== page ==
Lauren St John hasn’t let me down. She follows up White Giraffe and Dolphin Song with The Last Leopard, a touching story set in troubled Zimbabwe.
The Last Leopard: By Lauren St John, Orion Books, 200 pages, Rs 550.
To cut to the story, 11-year-old Martine is spending an idyllic holiday between school terms riding her white giraffe, Jemmy, at the Sawubona Game Reserve which, incidentally, happens to be home. Martine is no ordinary girl. She has the power to heal animals. Giving Martine company is Ben, an excellent tracker, her grandma Gwyn and their Zulu help, Tendai. The only exciting thing that happens is when an irritated warthog almost unseats Martine from her giraffe during one of their early morning runs through the park.
The calm is shattered by a phone call from one of Grandma Gwyn’s oldest friends, Sadie, who runs the Black Eagle Lodge in Zimbabwe. Sadie, who has broken her leg in an accident, wants Gwyn and Martine to come over and help her till she gets better. Martine is reluctant, but sensing the importance of the event, agrees to accompany her. Ben, too, is ready to go with them.
As they set off, Tendai’s aunt, Grace, who can read the future, has this to say: “When you journey to Zimbabwe, all the time you must stay together (Ben and Martine). Any time you be separated, danger will follow.” After a bone-rattling weary drive of thousands of kilometres, they arrive at what looks like, to them, the end of the world. But one incident, during a break en route, shakes them up. Ben and Martine get separated as they trek up a mountain and Ben falls off the edge, escaping death narrowly.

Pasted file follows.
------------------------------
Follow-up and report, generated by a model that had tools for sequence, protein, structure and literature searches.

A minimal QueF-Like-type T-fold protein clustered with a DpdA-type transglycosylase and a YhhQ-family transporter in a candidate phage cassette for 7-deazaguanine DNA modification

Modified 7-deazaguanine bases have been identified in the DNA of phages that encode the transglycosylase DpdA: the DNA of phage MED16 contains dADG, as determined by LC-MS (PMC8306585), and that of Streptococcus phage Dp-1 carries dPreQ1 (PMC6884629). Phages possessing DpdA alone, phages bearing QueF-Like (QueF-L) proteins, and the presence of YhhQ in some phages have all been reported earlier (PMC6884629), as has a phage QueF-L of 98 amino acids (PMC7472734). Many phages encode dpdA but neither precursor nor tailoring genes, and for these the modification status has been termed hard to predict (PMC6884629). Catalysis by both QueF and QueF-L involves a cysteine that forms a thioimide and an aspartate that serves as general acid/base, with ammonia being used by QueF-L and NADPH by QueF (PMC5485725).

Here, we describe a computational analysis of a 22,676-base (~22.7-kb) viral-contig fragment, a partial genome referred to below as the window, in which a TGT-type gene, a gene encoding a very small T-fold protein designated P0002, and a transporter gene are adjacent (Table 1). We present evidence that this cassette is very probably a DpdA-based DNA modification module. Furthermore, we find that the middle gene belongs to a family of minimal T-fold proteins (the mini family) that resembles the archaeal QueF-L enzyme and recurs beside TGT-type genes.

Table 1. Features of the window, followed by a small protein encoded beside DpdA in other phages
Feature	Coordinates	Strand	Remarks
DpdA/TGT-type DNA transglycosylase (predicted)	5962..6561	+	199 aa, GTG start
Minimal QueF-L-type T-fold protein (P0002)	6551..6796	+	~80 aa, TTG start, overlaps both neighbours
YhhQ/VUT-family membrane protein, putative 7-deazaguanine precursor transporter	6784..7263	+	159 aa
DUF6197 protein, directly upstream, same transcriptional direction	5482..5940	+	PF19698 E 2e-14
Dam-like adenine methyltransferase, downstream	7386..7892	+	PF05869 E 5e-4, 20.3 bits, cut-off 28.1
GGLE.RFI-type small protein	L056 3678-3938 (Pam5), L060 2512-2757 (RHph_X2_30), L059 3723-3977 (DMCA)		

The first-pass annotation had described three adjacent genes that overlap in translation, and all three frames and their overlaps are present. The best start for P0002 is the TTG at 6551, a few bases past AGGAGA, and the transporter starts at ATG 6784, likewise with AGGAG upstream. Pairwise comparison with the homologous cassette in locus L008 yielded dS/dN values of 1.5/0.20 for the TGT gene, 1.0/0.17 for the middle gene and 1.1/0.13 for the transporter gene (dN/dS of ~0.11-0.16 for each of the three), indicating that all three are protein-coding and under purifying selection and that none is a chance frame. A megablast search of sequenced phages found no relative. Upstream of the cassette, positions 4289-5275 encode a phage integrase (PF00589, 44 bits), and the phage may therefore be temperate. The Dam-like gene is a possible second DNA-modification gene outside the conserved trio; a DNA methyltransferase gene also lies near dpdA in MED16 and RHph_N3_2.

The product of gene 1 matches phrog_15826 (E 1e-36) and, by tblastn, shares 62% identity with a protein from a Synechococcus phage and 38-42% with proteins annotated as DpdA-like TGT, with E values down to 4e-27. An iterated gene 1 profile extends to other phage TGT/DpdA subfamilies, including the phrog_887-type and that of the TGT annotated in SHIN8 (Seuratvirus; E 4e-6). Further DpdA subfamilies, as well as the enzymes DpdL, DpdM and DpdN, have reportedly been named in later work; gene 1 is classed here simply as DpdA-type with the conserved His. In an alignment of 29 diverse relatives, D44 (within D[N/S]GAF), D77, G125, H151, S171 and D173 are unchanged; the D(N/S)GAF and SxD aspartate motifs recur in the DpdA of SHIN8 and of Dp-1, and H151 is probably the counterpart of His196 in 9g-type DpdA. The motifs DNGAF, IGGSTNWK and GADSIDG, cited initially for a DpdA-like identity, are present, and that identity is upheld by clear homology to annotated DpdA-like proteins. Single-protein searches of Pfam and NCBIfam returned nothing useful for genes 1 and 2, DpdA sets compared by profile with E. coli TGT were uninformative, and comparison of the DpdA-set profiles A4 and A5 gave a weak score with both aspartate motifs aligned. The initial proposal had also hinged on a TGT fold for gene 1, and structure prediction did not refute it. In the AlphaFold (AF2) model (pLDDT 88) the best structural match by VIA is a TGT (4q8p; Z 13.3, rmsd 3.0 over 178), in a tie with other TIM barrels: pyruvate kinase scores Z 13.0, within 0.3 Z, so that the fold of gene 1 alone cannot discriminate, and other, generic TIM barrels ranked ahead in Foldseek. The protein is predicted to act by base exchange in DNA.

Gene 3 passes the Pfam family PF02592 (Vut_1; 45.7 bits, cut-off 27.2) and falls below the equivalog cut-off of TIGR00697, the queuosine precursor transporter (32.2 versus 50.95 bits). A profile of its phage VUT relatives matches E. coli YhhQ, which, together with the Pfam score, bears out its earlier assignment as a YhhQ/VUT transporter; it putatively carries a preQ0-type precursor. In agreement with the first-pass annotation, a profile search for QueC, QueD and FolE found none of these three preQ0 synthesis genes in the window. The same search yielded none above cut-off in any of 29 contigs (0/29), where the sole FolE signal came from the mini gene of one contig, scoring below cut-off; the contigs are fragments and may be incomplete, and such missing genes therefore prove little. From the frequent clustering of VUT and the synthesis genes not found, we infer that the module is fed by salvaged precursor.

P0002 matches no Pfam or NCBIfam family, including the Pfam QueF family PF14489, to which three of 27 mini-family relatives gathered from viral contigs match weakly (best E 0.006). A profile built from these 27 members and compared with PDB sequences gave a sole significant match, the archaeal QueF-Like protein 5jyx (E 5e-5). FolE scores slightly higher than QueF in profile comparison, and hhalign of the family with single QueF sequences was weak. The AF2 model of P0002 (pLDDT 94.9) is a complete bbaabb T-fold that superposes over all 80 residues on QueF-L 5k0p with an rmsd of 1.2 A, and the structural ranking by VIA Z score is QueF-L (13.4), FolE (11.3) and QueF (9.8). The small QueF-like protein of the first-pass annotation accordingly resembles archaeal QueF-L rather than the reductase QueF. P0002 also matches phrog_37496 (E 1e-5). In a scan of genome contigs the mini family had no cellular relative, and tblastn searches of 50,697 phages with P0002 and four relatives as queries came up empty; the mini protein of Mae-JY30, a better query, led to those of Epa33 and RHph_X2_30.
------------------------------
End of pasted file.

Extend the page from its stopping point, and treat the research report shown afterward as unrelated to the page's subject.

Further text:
Determined to stick together whatever happens, the two help Sadie and her help Ngwenya get the place up and running. With no tourists, the Black Eagle Lodge is rapidly going downhill. Gradually, Martine and Ben discover that Sadie is being pressured by Rex Ratcliffe, who owns the Lazy J ranch next door, to sell out to him. They also find out that Ratcliffe runs a canned hunting (captured animals are shot by “hunters”, who then claim to have killed them in the wild) operation in Lazy J.
Ratcliffe wants something else. He wants Khan, the leopard that Sadie’s father rescued and let out into the wild. Leopards are an endangered species in Zimbabwe. Martine and Ben make up their minds to save the leopard at any cost. However, they are stunned when Ngwenya discloses that his cousin, Griffin, is also out to get Khan. In Griffin’s case, the motivation is that the leopard—as the legend goes—would lead him to the treasure that his ancestors had buried somewhere in the forests around Black Eagle Lodge.
For the rest, pick up the book and let St John work her magic.
The writer is the editor of Heek, a children’s magazine.
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